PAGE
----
By Hamel Husain & Ho-Hsiang Wu, GitHub
A picture of Hubot.
The power of modern search engines is undeniable: you can summon knowledge from the internet at a moment’s notice. Unfortunately, this superpower isn’t omnipresent. There are many situations where search is relegated to strict keyword search, or when the objects aren’t text, search may not be available. Furthermore, strict keyword search doesn’t allow the user to search semantically, which means information is not as discoverable.
Today, we share a reproducible, minimally viable product that illustrates how you can enable semantic search for arbitrary objects! Concretely, we will show you how to create a system that searches python code semantically — but this approach can be generalized to other entities (such as pictures or sound clips).
Why is semantic search so exciting? Consider the below example:
Semantic search at work on python code. *See Disclaimer section below.
The search query presented is “Ping REST api and return results”. However, the search returns reasonable results even though the code & comments found do not contain the words Ping, REST or api.
This illustrates the power of semantic search: we can search content for itsmeaning in addition to keywords, and maximize the chances the user will find the information they are looking for. The implications of semantic search are profound — for example, such a procedure would allow developers to search for code in repositories even if they are not familiar with the syntax or fail to anticipate the right keywords. More importantly, you can generalize this approach to objects such as pictures, audio and other things that we haven’t thought of yet.
If this is not exciting enough, here is a live demonstration of what you will be able to build by the end of this tutorial:
Sometimes I use Jupyter notebooks and custom magic functions to create demonstrations when I cannot build a pretty website. it can be a quick way to interactively demonstrate your work!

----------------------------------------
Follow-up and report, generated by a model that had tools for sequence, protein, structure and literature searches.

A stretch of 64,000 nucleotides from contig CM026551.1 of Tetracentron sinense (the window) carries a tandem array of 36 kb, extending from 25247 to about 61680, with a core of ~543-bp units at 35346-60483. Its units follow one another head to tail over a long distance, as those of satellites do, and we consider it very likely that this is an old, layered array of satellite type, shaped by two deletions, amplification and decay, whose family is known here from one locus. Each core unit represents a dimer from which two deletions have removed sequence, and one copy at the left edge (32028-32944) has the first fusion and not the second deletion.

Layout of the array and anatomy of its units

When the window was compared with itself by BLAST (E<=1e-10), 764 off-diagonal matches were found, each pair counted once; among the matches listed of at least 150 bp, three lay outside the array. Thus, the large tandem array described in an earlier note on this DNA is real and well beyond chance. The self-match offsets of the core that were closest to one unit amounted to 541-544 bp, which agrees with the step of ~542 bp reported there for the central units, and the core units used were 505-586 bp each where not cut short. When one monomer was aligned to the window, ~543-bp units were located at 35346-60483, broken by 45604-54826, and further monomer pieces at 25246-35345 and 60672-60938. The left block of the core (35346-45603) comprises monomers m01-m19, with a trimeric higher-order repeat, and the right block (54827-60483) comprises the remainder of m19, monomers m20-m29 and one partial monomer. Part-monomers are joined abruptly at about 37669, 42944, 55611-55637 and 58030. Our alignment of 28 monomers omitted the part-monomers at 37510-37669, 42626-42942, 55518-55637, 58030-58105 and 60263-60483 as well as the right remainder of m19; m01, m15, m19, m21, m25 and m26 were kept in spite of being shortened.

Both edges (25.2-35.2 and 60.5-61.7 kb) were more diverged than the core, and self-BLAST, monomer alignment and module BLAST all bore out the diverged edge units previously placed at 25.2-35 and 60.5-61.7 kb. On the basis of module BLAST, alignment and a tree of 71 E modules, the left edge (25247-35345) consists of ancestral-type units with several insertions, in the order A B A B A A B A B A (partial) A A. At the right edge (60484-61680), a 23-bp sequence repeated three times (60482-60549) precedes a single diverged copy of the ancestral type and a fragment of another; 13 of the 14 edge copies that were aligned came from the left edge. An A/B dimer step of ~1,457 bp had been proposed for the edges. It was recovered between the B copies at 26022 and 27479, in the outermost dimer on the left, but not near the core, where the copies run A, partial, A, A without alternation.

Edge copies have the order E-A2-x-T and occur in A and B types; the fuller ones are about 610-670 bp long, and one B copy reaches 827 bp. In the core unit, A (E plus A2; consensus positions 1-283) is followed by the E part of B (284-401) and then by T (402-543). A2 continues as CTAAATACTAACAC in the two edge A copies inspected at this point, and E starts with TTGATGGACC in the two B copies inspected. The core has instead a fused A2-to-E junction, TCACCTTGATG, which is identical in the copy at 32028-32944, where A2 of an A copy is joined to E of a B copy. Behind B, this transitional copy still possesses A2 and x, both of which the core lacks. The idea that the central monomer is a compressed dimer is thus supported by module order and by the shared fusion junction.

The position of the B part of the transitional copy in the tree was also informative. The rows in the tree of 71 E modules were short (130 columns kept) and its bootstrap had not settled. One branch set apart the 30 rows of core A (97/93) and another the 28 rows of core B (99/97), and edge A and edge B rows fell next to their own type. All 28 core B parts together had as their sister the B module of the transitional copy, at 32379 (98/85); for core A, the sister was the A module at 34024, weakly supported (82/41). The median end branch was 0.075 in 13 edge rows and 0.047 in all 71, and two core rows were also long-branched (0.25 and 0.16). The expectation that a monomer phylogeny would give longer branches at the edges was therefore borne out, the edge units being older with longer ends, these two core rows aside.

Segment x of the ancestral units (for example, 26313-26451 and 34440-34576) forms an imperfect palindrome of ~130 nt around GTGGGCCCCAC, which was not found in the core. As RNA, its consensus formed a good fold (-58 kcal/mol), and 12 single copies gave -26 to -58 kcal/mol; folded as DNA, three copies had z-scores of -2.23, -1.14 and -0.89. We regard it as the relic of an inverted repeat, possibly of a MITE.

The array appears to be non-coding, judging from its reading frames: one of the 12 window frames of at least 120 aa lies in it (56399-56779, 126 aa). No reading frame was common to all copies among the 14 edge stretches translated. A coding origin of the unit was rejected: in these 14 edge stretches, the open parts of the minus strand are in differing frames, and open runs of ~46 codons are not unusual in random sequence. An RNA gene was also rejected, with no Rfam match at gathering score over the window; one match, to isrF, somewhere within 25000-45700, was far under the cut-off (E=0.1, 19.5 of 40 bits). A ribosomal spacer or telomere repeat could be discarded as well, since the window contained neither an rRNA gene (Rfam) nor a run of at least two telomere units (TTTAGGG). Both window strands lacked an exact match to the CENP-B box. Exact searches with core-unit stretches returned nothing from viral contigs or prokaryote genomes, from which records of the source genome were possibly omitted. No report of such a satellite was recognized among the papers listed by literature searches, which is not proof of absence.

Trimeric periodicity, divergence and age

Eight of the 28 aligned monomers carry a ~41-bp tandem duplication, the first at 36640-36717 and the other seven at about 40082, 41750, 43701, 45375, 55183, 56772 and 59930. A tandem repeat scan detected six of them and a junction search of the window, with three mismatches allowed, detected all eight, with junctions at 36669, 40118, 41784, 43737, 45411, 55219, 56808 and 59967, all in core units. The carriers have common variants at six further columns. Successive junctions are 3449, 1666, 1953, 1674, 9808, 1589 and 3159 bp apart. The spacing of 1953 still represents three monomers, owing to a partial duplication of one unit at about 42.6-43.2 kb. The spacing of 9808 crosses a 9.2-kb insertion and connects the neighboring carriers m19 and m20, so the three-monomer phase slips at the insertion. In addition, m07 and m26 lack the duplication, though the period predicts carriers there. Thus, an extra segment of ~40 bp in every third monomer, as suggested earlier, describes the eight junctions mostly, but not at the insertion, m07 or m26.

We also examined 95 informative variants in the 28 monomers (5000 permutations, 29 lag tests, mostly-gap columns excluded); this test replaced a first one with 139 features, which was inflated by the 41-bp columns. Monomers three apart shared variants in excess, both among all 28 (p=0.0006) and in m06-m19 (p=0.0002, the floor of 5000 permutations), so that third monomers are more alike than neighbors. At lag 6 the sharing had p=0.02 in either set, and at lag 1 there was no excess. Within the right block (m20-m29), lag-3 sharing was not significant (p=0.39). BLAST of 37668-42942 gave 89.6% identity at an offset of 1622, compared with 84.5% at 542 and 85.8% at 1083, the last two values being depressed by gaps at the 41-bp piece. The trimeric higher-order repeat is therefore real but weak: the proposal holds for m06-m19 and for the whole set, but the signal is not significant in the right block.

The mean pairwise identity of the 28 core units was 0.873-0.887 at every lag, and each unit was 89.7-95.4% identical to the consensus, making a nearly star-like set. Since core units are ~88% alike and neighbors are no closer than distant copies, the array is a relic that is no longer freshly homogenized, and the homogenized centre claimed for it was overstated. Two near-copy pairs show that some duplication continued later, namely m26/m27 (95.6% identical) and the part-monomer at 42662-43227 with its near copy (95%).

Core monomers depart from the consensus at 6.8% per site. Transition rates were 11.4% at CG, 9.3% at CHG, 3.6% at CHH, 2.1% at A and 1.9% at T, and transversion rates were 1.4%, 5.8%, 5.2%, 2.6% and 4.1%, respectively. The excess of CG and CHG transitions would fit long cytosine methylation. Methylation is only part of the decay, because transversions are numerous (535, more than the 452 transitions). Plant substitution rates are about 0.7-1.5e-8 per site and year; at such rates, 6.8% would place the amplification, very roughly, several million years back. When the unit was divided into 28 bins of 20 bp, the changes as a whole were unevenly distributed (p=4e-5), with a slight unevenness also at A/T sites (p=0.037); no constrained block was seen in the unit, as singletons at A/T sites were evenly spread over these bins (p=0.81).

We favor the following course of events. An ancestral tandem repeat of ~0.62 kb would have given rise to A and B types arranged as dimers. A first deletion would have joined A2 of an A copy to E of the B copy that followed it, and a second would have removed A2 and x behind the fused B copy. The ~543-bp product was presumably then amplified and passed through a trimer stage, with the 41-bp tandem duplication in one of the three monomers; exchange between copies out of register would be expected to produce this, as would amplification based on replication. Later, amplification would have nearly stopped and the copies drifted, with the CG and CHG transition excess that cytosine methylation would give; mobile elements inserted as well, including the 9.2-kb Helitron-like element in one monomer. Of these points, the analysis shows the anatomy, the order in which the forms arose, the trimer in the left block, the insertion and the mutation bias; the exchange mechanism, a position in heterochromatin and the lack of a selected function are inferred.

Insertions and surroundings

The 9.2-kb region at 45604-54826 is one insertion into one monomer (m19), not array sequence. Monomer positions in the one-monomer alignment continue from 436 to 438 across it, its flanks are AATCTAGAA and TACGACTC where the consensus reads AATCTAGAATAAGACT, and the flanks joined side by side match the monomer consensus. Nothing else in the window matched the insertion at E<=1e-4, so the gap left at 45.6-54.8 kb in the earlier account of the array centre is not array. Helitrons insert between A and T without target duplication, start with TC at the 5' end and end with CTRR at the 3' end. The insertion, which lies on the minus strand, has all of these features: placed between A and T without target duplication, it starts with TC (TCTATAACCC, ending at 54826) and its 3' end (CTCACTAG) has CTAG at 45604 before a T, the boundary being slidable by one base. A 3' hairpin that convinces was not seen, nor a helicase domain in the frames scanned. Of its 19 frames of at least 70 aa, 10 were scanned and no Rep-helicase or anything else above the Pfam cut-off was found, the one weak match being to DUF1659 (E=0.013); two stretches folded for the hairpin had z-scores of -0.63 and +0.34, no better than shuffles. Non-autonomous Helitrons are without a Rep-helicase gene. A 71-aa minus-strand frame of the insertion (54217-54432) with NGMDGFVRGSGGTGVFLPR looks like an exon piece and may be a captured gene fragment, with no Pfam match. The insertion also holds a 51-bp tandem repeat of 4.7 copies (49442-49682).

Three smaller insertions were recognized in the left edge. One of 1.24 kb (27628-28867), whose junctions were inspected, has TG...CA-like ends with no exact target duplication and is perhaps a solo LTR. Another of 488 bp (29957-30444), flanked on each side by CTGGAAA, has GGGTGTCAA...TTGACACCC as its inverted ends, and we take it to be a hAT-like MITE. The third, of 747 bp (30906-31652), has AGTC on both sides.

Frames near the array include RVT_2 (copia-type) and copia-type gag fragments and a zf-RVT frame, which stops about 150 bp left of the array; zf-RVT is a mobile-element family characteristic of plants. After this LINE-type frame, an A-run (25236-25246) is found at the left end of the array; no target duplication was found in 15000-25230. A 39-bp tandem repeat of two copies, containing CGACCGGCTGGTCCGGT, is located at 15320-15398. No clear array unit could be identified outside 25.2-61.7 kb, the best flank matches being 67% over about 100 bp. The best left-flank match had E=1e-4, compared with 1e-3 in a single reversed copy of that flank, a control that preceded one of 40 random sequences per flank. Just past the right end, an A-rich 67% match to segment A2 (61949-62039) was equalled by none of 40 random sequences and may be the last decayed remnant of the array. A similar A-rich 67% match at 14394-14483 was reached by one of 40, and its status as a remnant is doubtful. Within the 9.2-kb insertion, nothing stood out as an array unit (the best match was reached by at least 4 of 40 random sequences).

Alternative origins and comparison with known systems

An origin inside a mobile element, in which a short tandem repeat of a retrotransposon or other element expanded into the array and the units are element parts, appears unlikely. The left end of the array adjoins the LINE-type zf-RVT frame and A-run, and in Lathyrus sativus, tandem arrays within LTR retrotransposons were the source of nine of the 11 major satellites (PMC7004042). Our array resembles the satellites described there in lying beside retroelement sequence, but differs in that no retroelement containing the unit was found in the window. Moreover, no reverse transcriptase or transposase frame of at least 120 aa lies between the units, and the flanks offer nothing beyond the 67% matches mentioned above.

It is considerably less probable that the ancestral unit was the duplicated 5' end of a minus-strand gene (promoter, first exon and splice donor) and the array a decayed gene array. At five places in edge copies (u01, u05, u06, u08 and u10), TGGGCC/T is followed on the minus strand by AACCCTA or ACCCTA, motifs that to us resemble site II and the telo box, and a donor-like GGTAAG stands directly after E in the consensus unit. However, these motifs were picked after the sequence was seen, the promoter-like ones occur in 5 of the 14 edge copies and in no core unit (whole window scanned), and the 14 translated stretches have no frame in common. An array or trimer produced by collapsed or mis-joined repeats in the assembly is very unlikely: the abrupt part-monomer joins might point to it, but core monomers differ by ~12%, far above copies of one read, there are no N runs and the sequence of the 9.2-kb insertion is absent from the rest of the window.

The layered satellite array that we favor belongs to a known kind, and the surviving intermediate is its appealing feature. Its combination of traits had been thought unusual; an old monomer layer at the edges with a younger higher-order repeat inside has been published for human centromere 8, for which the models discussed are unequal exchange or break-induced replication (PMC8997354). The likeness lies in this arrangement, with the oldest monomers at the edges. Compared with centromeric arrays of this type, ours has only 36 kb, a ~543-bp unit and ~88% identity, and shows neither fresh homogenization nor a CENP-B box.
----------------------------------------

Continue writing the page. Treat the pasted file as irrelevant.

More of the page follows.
Intuition : Construct a Shared Vector-Space
Before diving into the technical details, it is useful to provide you with a high-level intuition of how we will accomplish semantic search. The central idea is to represent both text and the object we want to search (code) in a shared vector space, as illustrated below:
Example: Text 2 and the code should be represented by similar vectors since they are directly related.
The goal is to map code into the vector space of natural language, such that (text, code) pairs that describe the same concept are close neighbors, whereas unrelated (text, code) pairs are further apart, measured by cosine similarity.
There are many ways to accomplish this goal, however, we will demonstrate the approach of taking a pre-trained model that extracts features from code and fine-tuning this model to project latent code features into a vector space of natural language. One warning: We use the term vector and embeddinginterchangeably throughout this tutorial.
We recommend familiarity with the following items prior to reading this tutorial:
- Sequence-to-sequence models: It will be helpful to review the information presented in a previous tutorial.
- Peruse this paper at a high level and understand the intuition of the approach presented. We draw on similar concepts for what we present here.
This tutorial will be broken into 5 concrete steps. These steps are illustrated below and will be a useful reference as you progress throughout the tutorial. After completing the tutorial, it will be useful to revisit this diagram to reinforce how all the steps fit together.
A mind map of this tutorial. Hi-res version available here.
Each step 1–5 corresponds to a Jupyter notebook here. We will explore each step in more detail below.
Part 1 — Acquire and Parse Data:
Part 1 notebook